Sunday, November 20, 2011

Quite the Opposite?

Those who live within their means suffer from a lack of imagination – Oscar Wilde 

I don't mean to tarnish the memory of Mr. Wilde, (I've paid my respects), but when I saw this quote, I couldn't help but disagree strongly. Yes, things were much, much different in his time, but I saw this quote on a bottle of fragrance sticks in a bathroom in my office building, so the sentiment must still ring true for some people. 

I would say, were I a wild author, that those who live within their means are masters of their imagination and know how to craft and create in ways that respect, nourish, and hearten. It is so easy to live outside our means. Most of us carry a small piece of plastic that grants us access to things we can't afford and lifestyles too big and fast to keep up with.  As we move into an economy that forces us to make choices and possibly go without that third flat screen for the basement, we are re-learning how to live within the small window of universe we were blessed with. 

This doesn't mean embellishment doesn't have a place in the window, but those embellishments are starting to look different. Homemade, handcrafted, presented with intention and love. And those elements require some degree of imagination, don't they? 

Tuesday, November 15, 2011

Little Corners of my New World

Moving has certainly made it difficult to post regularly, but I am now settling into a routine and able to carve out a little time to write and respond. There are still boxes everywhere, and we're waiting on our dinner table made from the gym floor of a local high school, but this place already feels warm and inviting. I love coming home to people, sharing our days, sharing meals, or sharing the quiet. It feels like  a simple pairing of comfort and consistency as I seep my spirit into the corners of my new world.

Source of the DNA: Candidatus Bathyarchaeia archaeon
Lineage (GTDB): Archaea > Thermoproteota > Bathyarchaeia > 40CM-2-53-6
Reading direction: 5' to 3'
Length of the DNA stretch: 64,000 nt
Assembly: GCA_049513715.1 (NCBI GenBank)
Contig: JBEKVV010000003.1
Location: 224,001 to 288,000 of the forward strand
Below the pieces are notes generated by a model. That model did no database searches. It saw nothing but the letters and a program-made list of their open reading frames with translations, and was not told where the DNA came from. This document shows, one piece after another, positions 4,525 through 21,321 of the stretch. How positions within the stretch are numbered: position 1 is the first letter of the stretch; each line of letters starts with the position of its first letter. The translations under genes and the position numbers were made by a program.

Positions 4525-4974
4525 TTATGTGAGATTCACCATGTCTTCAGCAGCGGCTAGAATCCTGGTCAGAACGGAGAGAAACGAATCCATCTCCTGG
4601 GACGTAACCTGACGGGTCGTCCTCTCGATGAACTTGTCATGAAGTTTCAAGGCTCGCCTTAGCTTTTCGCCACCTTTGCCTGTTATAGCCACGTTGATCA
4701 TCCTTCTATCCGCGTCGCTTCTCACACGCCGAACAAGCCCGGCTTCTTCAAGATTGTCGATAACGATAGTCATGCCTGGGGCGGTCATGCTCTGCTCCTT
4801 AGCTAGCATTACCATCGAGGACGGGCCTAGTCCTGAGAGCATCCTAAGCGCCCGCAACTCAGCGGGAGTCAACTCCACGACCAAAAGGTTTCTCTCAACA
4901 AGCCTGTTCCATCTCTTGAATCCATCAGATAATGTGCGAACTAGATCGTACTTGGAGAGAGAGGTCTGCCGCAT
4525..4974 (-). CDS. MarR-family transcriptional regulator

And I've had this song stuck in my head for days.

Wednesday, November 9, 2011

Everyday Phenomenon

Once, when I was walking to work and talking to my mother on the phone, I looked up in the sky and saw this:

It was a strange beam of light that wasn't moving. I said, "Hold on, Mom, it looks like the sky has a hole in it." 

I stood and stared for bit, wondering what it could possibly be. A falling satellite? A rocket shooting into space so far away it appeared to be still? I couldn't for the life of me figure it out. I let it sit in my mind as a strange phenomenon, a crazy coincidence of light and sky that created that magic just for me. 

I walked ahead a few blocks and looked up again. It turns out it was the morning sun reflecting off a building behind a thick curtain of fog. The fog had cleared and the reflection was now blinding. I looked back down to the concrete sidewalk stretched out in front of me. 

While the strange bolt in the sky didn't turn out to be aurora borealis or frozen lightning, it reminded me that we can experience wonderful, ethereal and breath-snatching things in the everyday, if we just look up once in a while.